Blazing New Trails

I'm an avid fan of business. I like to talk about, read about, be about it. I'm always interested in how people make their money, because it helps to broaden my view and it expands my scope of knowledge. What also amazes me is all the different things you can get into while getting paid in the process. I first became interested in this line of thinking because as I took a look at our community it appeared as if the depth of businesses owned by African Americans was limited to a few community staples. We also seem to stick to the beaten path when it comes to professions. There is nothing wrong with that, but I think it's time we broadened our horizons a bit and started tapping into burgeoning industries that have put a new meaning to doing what you love.

For instance, take teenaged Tom Taylor out of Jupiter Florida who has made more than $450,000 playing video game "Halo 2". Taylor is one of a handful of teens who have made their own fortunes in the $7 billion a year industry in the U.S. You can read about how he's making a killing in the gaming industry by taking the link at the bottom of this post. He also has his own site where he teaches gaming techniques.

Tom played in Major League Gaming's National Championship this past weekend in Vegas and his team placed third to win $30,000 (split 4 ways). Here they are chillin.

The team that did win this weekends championship walked away with $100K. I was glad to find that their team had an African American kid who goes by the name Karma. Here he is with a couple of his teammates.

Reading these kids stories made me realize how much the world of business is evolving. It's changing so that you can literally get paid doing what you love, even if its playing video games. It also helped me to realize that I needed to evolve in my thinking as to what is a viable means of employment as it relates to my kids. Exploring their interests early enough may help them get on the path to wealth creation at a lot earlier age. It also would open them up to more options later in life if they make money doing something they like as a kid. In this manner, they don't have to end up like many people, working a job they hate just to make ends meet.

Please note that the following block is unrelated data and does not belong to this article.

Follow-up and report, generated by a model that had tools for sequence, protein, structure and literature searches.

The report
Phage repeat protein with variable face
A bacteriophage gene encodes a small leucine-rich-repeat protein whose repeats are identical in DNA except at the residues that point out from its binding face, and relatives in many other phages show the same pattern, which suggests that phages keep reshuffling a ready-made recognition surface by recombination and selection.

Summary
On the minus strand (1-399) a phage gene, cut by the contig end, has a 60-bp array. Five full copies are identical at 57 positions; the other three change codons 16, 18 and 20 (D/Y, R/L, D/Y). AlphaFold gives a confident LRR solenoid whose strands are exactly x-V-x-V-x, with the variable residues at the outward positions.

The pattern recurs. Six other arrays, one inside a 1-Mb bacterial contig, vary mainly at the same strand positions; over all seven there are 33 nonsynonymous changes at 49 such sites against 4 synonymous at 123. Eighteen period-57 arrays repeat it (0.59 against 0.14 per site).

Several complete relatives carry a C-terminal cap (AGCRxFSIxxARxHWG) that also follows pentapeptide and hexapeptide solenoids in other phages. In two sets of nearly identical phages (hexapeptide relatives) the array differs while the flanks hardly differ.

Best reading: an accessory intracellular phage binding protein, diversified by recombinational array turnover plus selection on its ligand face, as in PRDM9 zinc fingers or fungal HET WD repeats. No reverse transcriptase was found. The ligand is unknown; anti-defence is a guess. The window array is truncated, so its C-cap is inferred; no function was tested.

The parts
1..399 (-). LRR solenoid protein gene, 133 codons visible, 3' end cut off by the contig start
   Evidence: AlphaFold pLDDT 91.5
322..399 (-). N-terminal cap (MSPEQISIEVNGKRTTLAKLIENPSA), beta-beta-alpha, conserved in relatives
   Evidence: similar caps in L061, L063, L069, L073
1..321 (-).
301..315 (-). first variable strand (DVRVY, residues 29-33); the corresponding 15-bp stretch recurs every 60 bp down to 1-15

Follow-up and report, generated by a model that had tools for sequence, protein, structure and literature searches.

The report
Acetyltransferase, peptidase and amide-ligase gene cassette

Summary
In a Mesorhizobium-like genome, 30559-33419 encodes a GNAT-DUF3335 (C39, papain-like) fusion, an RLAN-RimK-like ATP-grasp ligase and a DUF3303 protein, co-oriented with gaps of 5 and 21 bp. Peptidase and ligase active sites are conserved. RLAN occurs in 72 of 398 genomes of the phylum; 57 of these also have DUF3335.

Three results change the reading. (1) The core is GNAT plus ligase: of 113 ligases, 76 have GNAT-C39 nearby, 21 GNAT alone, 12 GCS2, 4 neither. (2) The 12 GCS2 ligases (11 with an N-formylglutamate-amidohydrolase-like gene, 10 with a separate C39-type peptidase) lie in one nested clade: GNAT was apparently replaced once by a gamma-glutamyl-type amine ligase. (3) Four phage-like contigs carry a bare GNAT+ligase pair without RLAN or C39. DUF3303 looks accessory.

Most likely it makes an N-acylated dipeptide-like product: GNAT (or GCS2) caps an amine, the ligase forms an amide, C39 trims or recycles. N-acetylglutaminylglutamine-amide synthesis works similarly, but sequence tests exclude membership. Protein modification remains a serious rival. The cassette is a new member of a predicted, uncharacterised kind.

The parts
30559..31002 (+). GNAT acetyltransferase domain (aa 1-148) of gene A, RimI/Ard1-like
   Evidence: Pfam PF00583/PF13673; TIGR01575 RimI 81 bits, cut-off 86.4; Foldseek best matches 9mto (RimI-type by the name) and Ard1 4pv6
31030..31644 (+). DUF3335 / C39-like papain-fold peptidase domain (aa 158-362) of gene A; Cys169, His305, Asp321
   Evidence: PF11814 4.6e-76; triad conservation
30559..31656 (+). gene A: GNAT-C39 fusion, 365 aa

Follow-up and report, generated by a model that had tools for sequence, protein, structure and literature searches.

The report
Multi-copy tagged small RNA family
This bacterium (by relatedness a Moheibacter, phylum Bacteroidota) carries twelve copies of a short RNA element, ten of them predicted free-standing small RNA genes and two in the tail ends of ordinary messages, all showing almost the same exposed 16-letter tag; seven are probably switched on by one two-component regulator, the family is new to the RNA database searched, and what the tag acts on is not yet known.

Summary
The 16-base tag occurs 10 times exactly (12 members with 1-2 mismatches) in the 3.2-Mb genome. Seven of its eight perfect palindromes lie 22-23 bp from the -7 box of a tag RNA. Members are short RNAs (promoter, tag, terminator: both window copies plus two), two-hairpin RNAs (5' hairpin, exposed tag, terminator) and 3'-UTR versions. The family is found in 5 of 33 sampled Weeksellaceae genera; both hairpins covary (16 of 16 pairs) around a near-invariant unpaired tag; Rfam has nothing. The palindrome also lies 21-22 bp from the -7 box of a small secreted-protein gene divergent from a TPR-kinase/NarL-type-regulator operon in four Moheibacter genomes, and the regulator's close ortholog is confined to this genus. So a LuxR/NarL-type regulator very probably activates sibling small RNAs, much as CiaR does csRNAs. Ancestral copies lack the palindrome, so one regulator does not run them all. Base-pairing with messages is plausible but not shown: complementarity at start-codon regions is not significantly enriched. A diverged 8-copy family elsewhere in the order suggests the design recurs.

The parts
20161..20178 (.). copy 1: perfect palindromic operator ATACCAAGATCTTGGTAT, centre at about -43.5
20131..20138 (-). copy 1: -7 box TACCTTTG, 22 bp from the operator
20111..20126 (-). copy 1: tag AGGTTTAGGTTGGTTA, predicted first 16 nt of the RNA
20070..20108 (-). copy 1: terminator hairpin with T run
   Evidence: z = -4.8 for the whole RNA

Yahoo: Young Pro Video Gamers gross six figures
Professional Video Gaming, Not all fun and games

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Lance said...

nice post rich.
that's why i work nights, to network in the daytime to get my screenwriting career off the ground.

doing what you love and get paid for it!

be your own boss, regardless who you work for....

...if it's not working for the boss that's over you, it's the kids that's under you.

Girly_Girl said...

My 8 year old keeps telling me that he's going to be a professional video game player.

Do you think this is an actual possibility, Rich?

Rich in the Stl said...

I meant to tie a link to this website for the post, but overlooked it during my editing. Check out Major League Gaming. They have a link for parents to get more info.
You can let him enter some contests and leverage the activitiy so that he maintains his studies. He's only in what, the third grade, so this shouldn't be a major distraction. Try it for a season and see what happens. If he's any good, you will be able to tell.

Lisa said...

I think everyone should have a dream. It's the dreams that give us hope. My 6'0 14yr son believes he is the next Jordan. He has desgined his "shoes", practices his autograph, and has his house and car plastered on MySpace.His game is good, although his left is weak. With more practice his fade-away will resemble Jordan.Point being, we played him for a joke-until we watched him during a 3-on-3 and he was good. Allow your kids to dream and when they display their will be amazed.